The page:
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The spatial context of fire: a new approach for predicting fire occurrence

Author(s): Carol Miller
Year Published: 2003
Description:

Across North America, decades of fire suppression and recent patterns of human settlement have combined to increase the risks that wildland fires pose to human life, property, and natural resource values. Various methods can be used to reduce fuel hazards and mitigate these risks, but funding and other constraints require that these fuel treatments be prioritized across large landscapes. An understanding of where fire is most likely to occur on the landscape would allow managers to strategically prioritize their fuel hazard reduction efforts and to design effective fire management plans. Predictive models of the probability of burning can be developed using empirical relationships between landscape variables and historic fire data, but this approach is limited to areas with extensive records of historical fires. Furthermore, models that are empirically derived from landscape variables have low predictability because fire spread is a spatially contagious process; the probability of any location burning depends primarily on whether neighboring locations are likely to burn. This spatial context of fire occurrence can be addressed with a more mechanistic modeling approach. In this paper, I present a modeling approach whereby a map of the probability of burning is derived using information on the spatial distribution of fuels, topography, and ignitions. This approach uses generally available spatial data, climate information, standard geographic information system functions, and equations that describe the physics of fire spread. The potential use and application of the approach are discussed, and its performance is evaluated via a qualitative comparison with 20th-century fire occurrence data from the Selway-Bitterroot Wilderness in northern Idaho and western Montana.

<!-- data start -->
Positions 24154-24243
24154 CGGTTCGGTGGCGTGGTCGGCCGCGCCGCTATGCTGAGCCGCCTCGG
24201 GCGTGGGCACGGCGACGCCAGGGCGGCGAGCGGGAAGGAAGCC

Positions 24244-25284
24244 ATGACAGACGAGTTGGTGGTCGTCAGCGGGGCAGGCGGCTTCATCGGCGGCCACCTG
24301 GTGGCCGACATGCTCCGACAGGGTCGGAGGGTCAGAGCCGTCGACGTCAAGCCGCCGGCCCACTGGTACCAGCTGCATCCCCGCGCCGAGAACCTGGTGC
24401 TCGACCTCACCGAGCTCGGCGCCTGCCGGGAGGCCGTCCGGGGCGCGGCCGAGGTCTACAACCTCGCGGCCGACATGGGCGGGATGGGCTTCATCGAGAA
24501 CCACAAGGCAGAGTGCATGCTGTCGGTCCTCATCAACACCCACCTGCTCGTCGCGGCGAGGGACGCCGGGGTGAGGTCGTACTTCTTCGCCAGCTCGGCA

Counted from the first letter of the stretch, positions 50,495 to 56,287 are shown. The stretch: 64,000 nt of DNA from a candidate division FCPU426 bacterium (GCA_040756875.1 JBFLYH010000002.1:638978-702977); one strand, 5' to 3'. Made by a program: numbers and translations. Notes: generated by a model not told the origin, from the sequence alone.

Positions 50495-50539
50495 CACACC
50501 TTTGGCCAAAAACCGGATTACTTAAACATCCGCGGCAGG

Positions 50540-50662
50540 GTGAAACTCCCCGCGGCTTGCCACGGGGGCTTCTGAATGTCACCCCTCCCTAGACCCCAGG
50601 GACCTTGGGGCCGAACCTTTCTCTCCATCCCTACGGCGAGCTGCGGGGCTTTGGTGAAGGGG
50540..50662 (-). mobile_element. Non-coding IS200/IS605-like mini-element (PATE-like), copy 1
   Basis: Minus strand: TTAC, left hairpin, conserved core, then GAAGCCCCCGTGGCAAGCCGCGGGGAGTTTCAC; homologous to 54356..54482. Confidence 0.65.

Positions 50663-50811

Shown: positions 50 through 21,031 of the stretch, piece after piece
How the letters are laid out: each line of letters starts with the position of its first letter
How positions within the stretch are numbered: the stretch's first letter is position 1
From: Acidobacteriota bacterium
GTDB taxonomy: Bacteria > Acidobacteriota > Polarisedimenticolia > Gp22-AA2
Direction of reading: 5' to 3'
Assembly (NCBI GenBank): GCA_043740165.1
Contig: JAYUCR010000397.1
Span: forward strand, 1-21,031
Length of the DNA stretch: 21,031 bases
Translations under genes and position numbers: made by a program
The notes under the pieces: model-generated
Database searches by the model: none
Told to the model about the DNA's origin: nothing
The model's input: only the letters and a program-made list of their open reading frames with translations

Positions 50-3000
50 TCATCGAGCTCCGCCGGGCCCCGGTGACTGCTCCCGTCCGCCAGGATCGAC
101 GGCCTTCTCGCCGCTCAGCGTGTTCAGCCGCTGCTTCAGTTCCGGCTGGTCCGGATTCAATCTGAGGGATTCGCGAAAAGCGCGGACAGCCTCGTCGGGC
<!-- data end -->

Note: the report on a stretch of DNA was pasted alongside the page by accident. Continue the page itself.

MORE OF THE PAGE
Citation: Miller, Carol. 2003. The spatial context of fire: a new approach for predicting fire occurrence. In: Proceedings of fire 2000: the 1st National Congress on fire ecology, prevention and management. Misc. Pub. No.13. Tallahassee, FL: Tall Timbers Research Station. p. 27-34.
Topic(s): Fire Behavior, Simulation Modeling, Fire & Wilderness, Risk, Risk assessment, Strategic Risk
Ecosystem(s): Subalpine wet spruce-fir forest, Subalpine dry spruce-fir forest, Montane wet mixed-conifer forest, Montane dry mixed-conifer forest, Ponderosa pine woodland/savanna
Document Type: Conference Proceedings, Technical Report or White Paper
NRFSN number: 10993
FRAMES RCS number: 2745
Record updated: Feb 20, 2019